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‘Pa-myo’ Invited to Berlin Film Fest’s Forum Section

Feb 16, 2024
  • Source by CINE21
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‘Pa-myo’ Invited to Berlin Film Fest’s Forum Section

 


 

 

“The film that stands out the most as a genre film in the Film Fest’s forum that presents several auteurism films and genre films,” Berlin International Film Festival commented on Pa-myo (otherwise known as Exhuma). “Director Jang is undoubtedly a brilliant director, and the actors’ performance were outstanding as well.” added the film festival. Pa-myo is the new film in five years by director Jang Jae-Hyun who brought the sensational new era of Korean occult with The Priests (2015) and Svaha: The Sixth Finger (2019). Pa-myo, a mystery film, follows an eccentric case of a fengshui expert, undertakers and shamans moving a suspicious grave after receiving a tremendous amount of money. Pa-myo releases on February 22nd in South Korea.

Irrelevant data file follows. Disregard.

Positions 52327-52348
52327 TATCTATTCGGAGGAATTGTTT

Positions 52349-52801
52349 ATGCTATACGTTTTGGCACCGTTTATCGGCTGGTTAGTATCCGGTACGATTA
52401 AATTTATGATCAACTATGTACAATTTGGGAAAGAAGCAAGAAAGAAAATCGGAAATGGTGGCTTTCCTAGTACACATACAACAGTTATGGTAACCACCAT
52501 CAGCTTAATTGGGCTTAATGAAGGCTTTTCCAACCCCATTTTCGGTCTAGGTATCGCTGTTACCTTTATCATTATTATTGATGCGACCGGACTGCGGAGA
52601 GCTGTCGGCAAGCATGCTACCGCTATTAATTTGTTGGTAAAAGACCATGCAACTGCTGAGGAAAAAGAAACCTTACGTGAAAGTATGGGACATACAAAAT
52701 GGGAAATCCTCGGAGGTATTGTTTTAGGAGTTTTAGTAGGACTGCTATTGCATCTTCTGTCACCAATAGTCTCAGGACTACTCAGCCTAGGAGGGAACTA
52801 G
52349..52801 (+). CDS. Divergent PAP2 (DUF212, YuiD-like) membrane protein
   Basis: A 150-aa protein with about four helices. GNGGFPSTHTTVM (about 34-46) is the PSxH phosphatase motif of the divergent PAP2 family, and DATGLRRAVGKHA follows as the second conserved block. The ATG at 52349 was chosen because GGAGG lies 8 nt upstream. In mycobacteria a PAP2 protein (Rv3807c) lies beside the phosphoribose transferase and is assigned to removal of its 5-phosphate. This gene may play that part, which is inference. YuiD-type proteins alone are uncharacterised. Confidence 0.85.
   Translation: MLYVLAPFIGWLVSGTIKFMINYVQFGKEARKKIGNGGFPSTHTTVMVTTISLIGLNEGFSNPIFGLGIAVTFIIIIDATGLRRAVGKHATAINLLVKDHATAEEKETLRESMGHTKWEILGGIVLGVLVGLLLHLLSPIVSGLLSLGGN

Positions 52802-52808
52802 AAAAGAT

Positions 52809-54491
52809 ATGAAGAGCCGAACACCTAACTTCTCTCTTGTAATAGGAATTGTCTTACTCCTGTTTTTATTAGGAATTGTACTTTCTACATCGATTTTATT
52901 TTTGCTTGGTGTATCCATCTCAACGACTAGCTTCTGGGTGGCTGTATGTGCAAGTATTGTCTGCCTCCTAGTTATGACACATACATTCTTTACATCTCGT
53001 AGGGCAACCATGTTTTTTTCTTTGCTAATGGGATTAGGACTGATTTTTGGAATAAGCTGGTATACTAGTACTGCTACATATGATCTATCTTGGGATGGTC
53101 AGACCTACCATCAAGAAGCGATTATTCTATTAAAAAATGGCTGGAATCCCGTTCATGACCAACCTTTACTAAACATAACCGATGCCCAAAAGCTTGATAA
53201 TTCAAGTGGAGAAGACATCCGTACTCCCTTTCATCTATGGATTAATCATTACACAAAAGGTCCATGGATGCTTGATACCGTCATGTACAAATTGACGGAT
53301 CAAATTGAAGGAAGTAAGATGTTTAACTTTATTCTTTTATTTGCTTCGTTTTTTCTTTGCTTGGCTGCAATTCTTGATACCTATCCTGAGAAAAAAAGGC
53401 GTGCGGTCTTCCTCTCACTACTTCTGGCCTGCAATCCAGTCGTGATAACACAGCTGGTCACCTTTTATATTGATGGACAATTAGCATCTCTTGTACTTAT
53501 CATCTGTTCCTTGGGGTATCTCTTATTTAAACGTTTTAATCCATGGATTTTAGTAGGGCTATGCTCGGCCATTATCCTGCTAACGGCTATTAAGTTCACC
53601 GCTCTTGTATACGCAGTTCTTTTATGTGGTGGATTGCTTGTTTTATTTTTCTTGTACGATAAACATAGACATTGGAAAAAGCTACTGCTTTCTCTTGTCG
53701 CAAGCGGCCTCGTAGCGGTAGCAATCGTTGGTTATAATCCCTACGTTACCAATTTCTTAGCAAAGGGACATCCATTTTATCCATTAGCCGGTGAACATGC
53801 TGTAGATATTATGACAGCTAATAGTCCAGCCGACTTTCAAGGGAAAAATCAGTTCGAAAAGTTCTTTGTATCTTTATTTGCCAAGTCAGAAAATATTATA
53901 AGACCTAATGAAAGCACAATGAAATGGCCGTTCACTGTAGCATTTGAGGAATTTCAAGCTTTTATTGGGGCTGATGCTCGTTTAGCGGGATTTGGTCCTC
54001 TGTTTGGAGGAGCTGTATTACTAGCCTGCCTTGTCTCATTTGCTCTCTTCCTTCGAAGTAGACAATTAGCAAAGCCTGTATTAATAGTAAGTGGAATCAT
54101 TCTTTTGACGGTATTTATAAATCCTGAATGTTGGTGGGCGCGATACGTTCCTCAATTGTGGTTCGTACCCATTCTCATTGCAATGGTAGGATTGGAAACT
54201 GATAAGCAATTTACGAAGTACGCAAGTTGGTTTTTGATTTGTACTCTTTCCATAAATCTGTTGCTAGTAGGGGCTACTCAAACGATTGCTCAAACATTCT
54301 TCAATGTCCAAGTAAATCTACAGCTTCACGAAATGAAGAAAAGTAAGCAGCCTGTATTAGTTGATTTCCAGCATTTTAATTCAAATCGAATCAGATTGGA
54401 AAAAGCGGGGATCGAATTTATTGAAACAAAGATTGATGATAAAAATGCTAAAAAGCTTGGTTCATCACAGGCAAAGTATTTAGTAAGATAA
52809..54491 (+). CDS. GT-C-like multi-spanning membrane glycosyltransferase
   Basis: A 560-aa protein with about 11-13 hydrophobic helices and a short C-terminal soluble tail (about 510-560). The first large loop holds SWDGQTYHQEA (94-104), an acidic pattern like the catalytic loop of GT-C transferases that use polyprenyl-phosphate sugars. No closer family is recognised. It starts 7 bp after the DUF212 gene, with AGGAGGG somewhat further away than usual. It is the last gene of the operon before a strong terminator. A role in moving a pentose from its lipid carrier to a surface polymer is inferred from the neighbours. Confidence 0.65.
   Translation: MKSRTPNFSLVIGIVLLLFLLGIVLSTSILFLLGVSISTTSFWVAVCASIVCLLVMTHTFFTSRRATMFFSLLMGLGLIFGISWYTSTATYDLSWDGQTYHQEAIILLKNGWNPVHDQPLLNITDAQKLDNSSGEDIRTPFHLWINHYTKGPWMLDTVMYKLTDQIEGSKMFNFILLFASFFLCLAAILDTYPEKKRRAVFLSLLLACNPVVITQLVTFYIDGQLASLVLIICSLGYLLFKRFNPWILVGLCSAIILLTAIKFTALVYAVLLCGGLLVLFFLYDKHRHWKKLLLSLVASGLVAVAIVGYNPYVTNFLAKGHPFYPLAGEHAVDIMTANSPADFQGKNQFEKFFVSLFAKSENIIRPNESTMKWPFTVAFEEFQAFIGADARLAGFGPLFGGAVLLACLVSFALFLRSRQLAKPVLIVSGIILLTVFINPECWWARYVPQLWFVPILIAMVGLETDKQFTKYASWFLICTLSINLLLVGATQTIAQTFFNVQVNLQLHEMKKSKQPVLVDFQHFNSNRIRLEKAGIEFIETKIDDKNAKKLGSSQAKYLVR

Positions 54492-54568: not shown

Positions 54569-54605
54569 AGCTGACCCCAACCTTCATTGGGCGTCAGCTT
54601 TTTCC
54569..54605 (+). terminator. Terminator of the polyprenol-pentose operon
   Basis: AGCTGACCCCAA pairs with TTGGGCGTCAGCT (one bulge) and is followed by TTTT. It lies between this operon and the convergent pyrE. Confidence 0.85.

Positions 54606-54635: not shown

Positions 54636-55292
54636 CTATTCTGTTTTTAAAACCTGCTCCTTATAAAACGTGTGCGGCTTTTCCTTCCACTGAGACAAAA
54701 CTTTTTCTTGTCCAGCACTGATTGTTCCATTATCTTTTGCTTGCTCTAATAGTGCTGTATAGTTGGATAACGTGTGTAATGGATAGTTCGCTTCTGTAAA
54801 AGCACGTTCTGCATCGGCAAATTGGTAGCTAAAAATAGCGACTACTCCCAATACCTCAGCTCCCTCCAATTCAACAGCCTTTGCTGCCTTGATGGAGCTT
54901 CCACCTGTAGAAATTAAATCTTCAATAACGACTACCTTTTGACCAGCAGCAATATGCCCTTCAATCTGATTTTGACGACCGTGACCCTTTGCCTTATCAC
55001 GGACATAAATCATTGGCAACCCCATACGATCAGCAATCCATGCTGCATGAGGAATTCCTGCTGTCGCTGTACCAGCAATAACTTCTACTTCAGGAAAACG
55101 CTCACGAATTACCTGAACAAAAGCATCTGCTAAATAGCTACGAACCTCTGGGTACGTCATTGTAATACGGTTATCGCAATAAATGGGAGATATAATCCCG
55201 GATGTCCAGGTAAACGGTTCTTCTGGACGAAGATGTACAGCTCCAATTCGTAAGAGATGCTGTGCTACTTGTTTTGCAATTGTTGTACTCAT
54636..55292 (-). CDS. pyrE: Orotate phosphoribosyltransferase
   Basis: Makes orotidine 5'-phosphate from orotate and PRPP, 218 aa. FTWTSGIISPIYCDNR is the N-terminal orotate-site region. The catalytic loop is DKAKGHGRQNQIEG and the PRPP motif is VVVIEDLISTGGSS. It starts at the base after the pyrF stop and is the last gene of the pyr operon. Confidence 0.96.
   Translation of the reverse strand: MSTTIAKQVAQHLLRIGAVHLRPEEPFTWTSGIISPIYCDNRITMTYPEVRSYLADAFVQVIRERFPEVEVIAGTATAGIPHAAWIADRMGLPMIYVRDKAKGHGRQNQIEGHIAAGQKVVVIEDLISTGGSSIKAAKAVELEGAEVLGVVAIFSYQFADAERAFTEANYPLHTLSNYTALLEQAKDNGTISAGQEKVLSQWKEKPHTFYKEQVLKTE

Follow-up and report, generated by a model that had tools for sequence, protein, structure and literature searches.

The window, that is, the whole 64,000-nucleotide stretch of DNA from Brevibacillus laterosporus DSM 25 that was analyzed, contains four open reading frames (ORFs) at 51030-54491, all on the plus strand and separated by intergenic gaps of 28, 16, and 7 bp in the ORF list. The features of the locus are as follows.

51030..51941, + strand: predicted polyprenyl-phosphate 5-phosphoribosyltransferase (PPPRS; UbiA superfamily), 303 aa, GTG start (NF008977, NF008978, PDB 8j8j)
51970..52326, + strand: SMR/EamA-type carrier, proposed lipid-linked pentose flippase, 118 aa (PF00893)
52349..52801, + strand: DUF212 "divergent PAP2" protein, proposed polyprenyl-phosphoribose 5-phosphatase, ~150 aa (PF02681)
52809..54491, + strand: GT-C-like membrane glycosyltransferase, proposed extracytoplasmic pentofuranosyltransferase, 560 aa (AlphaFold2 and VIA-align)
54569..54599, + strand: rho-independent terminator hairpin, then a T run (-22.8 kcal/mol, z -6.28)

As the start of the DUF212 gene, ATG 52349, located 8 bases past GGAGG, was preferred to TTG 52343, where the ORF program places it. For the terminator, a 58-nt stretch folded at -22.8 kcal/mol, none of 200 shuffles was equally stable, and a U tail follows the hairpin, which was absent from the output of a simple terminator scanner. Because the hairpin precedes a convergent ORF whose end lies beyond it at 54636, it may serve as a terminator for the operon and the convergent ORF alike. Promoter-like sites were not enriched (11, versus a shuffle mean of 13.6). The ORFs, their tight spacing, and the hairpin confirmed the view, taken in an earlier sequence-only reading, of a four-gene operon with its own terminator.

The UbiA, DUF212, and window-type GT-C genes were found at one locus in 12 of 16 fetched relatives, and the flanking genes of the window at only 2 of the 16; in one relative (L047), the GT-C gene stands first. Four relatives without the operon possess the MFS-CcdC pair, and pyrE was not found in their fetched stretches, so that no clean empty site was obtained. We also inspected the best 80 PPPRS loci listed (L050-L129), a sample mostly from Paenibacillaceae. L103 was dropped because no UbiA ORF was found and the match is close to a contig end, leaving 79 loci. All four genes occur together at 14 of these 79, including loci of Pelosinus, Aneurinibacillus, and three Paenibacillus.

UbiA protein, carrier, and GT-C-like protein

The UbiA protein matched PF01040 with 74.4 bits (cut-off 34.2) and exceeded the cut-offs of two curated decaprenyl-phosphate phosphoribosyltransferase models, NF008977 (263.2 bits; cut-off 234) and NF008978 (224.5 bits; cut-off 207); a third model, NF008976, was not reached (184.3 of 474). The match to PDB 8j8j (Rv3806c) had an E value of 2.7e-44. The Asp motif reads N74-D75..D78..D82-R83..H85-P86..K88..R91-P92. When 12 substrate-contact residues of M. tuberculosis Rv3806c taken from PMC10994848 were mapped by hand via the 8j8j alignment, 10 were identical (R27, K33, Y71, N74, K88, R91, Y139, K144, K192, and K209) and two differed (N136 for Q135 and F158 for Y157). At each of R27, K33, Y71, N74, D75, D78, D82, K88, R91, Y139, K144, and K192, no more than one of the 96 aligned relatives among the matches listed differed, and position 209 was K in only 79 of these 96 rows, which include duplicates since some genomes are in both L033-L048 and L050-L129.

“I let go of the obsessing over scenes” says Director Jang Jae-Hyun




 

What inspired you to create Pa-myo?

When I was a young boy living in a small rural village, I saw villagers moving a century-year-old grave. I still remember the color and the smell of the soil and villagers holding Jesa (Korean traditional rites) prior to moving the grave vividly. I didn’t know why they were moving the grave, but I had a mixed feeling – scared, curious and heart-pounding. Since then, caskets and coffins captivated me (laughs). Once, I went over to my friend’s house who’s a undertaker and lied in a casket. Based on those experience and liking, I developed Pa-myo and jumped into researching before creating the storyline.

 

What was the research process like?

I worked with undertakers, geomancers and shamans, moving graves. To the undertakers, I was a worker they didn’t have to pay; for me, it was an opportunity to learn. I’m almost there to obtain my funeral director’s license, but I haven’t completed my training since I spent a lot of time making this movie.

 

How did it feel to actually dig up the grave?